Respirator effects during real-life activity: multidimensional methodology.
Harber-P; Santiago-S; Liu-D; Sies-M; Boomus-C
Am J Respir Crit Care Med 2007 Apr; 175(Abstracts):A171
BACKGROUND: Faced with terrorism or respiratory epidemics (or threat thereof), respirators may be widely used by community members in nonoccupational settings. Many may have mild pre-existing or post exposure impairment Most respirator research studies were based upon heavy exertion in healthy subjects typical of occupational settings. PURPOSE: To study respirator effects in persons with mild impairment during a variety of real life work activities. METHODS: We developed a multifaceted approach: (I) Multidimensional 16 point Borg scales (major domains include exertion, mask comfort, sensory impact, thermal comfort, work productivity); (2) Work productivity measurements during work activities [including sedentary and moderate exertIon]; (3) videorecording and scoring of proper respirator placement throughout work; (4) Physiologic parameters using unobtrusive respiratory inductive plethysmography (Vivologic Wifi system). RESULTS: Preliminary results demonstrate: (1) Although N95 devices produce less physiologic response than half mask respirators, subjective Impacts may be greater for some domians. (2) Exertion level affects magnitude and domains of subjective response. (3) Respiratory parameters may be effectively measured unobtrusively during a variety of work tasks. IMPLICATIONS: Study of respirator effects in the general population optimally employs multidimensional measurement technlques, including impact upon productivity as well as subjective and physiologic parameters. Such studies may inform the public policy decision about shelter in place continue work with respirators.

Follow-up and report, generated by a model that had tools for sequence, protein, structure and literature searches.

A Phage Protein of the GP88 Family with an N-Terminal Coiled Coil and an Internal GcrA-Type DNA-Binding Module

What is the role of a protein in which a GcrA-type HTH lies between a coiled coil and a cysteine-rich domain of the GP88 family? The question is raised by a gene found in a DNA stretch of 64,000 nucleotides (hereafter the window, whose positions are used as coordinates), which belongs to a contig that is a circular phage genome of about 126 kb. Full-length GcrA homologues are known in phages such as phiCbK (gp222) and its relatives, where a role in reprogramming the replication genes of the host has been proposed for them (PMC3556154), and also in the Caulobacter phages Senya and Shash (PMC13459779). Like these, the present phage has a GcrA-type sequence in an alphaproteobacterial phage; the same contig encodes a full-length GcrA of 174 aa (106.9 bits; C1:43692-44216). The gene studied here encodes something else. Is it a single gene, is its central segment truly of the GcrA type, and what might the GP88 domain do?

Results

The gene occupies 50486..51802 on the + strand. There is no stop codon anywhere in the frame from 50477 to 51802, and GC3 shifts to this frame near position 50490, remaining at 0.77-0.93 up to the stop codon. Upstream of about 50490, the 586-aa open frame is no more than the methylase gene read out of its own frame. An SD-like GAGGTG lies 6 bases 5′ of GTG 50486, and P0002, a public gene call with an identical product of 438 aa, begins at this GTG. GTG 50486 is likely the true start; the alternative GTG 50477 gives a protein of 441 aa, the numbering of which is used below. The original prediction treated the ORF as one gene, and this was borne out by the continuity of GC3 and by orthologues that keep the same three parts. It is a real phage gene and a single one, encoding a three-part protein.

Face-masks; Personal-protection; Personal-protective-equipment; Physical-stress; Protective-equipment; Protective-measures; Quantitative-analysis; Respirators; Respiratory-equipment; Respiratory-protective-equipment; Risk-analysis; Statistical-analysis; Task-performance
American Journal of Respiratory and Critical Care Medicine
University of California, Los Angeles